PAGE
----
Anna Pringle is a University student in Sheffield yet she manages to find the time every weekend to follow Kettering everywhere.

Living in Sheffield and travelling to Kettering each weekend to watch her beloved club must be a pain, but the 20-year-old does it anyway.

Semi-Professional talks to the dedicated fan and student about her travels in non-league, and the atmosphere around the grounds she visits.

It was easier for Anna to follow her club when they were in the National League North for two years whilst she was at uni, travelling to places like Leeds and Manchester. 

However, after Kettering’s relegation, it has been harder for her to get to games.

“Last season was a lot more difficult, as relegation meant we were playing in the Southern League Premier, meaning that for most away games I would have to travel back home to then travel to the away destination,” she says.

“But, I have been able to coordinate Kettering’s season around university.”

So why is Anna a Kettering fan?

“My love for Kettering Town stemmed from my Dad,” Anna says.

“He has been going to games since the ’70s and his love for The Poppies really rubbed off on me – and once again, that is something I am truly grateful for.

“My favourite part of the week during the football season is travelling to a game, meeting up with my Dad, and enjoying the experience – even if results don’t go our way.”

Because Anna saw every game last season, we wanted to know what the atmosphere is like for her at non-league games.

“Following Kettering is one of the best things. I really feel like we have a close-knit community, especially when we travel away. There’s always familiar faces that you see at every game, and to be able to spend the day with these people really makes the experience enjoyable.

“Most teams we play in the league also have such lovely and welcoming fans which does epitomise the community that non-league football has produced.”

As a woman, football matches can be quite an intimidating place despite the attempt on social media and around the leagues to make football as equal as possible.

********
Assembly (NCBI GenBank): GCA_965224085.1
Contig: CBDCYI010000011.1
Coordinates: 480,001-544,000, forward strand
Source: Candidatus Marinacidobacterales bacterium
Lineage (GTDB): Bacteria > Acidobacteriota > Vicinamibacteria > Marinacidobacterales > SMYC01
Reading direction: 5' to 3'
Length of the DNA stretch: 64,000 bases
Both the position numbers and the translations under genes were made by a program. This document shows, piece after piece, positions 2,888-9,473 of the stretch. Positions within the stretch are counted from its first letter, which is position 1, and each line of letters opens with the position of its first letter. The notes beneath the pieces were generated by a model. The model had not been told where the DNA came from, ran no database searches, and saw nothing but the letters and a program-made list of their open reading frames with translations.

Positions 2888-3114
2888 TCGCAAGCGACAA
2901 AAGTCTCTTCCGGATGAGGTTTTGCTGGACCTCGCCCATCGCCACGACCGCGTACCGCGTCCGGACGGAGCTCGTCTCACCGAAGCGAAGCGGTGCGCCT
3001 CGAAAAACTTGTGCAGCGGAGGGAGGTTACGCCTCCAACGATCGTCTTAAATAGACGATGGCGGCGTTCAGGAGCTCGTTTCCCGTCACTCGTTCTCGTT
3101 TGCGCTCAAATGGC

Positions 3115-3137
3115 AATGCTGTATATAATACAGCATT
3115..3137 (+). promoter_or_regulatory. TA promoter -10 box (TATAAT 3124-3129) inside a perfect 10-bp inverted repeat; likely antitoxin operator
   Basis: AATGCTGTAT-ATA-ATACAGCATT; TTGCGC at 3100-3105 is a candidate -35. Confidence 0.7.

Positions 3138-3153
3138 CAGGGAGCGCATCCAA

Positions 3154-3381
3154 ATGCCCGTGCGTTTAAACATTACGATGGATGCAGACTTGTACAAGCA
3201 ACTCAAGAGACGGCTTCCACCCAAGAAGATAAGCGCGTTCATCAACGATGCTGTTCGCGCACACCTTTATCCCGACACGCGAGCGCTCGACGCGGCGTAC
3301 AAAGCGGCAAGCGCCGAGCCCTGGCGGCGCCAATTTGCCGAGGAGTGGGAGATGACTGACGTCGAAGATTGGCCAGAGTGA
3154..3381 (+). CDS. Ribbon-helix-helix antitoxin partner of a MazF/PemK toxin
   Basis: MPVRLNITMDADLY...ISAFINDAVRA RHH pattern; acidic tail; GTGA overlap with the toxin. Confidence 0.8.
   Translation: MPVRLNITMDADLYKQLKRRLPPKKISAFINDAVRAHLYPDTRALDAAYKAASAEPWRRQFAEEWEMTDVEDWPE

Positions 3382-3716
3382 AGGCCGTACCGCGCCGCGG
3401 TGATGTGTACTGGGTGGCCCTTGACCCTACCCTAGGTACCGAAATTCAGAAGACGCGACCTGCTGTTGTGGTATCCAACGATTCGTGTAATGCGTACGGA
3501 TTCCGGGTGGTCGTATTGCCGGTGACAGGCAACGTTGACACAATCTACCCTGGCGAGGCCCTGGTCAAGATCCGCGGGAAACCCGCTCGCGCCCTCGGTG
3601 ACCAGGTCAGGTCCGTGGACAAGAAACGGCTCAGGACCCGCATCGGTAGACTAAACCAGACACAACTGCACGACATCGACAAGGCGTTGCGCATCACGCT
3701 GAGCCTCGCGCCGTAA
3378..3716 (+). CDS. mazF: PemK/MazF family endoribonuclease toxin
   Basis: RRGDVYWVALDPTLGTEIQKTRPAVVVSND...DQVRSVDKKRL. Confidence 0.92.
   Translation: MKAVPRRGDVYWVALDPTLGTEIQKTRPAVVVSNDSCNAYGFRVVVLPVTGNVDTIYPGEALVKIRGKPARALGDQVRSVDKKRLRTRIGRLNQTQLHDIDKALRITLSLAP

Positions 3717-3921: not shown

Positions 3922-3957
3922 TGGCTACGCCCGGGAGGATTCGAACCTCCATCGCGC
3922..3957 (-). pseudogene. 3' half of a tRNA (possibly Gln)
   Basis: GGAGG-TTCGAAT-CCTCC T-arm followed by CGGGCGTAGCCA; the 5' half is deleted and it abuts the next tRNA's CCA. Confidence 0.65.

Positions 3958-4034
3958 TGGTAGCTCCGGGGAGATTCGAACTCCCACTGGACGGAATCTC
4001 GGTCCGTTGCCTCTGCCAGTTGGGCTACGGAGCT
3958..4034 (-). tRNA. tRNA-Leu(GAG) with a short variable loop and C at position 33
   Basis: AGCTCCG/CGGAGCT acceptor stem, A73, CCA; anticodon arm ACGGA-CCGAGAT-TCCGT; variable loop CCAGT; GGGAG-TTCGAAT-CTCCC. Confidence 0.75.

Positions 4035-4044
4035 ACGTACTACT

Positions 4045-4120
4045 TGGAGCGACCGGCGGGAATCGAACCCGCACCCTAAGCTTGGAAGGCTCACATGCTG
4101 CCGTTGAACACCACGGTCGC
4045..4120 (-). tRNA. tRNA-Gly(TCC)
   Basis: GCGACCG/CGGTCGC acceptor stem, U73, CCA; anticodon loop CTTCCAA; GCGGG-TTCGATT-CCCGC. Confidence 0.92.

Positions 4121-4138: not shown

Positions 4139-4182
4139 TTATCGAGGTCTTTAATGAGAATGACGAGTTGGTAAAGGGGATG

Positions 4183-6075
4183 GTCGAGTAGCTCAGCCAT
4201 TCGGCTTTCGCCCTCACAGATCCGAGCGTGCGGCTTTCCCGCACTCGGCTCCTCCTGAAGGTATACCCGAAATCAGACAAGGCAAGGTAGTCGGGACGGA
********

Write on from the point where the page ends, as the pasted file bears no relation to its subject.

Anna says she can feel as though she isn’t always treated as part of the community when she travels to non-league games.

“As a woman who has travelled to watch football, both in non-league settings and in higher professional leagues, I have experienced varying degrees of judgement and acceptance as a supporter. In non-league settings, the atmosphere tends to be more intimate and community-oriented.

“On one hand, the smaller crowds often mean that regular attendees get to know each other, which can lead to a more welcoming environment. On the other hand, if the local fan base isn’t used to seeing many women at the matches, it can feel a bit like being an outsider.

“People might be more curious or surprised to see a woman there, and while this isn’t always negative, it can be uncomfortable at times. I’ve had moments where I’ve felt very much part of the community, but there have also been instances where I’ve felt the need to prove my knowledge of the game more than my male counterparts.

“I’ve also noticed a growing number of women attending these matches, which is gradually changing perceptions. I think that, whilst perceptions are changing, women still do feel some sort of stereotyping and judgement. Despite these challenges, the passion for the sport and the community that comes with it make it worthwhile.”

The importance of fans in football altogether is massive, but for non-league football it is vital. Anna says on their importance, “Fans are at the heart of every Non-League club, and the money that we spend attending games really helps teams financially.

“Football is nothing without fans, and especially at a lower level, ‘we’ keep our clubs going. As the Premier League grows even bigger every season, it is so important to remember the impact of grassroots football. 

“Following Kettering is something I wouldn’t change for the world, and I am so proud to have been brought up in a community that acknowledges the history, depth and importance of non-league football.”

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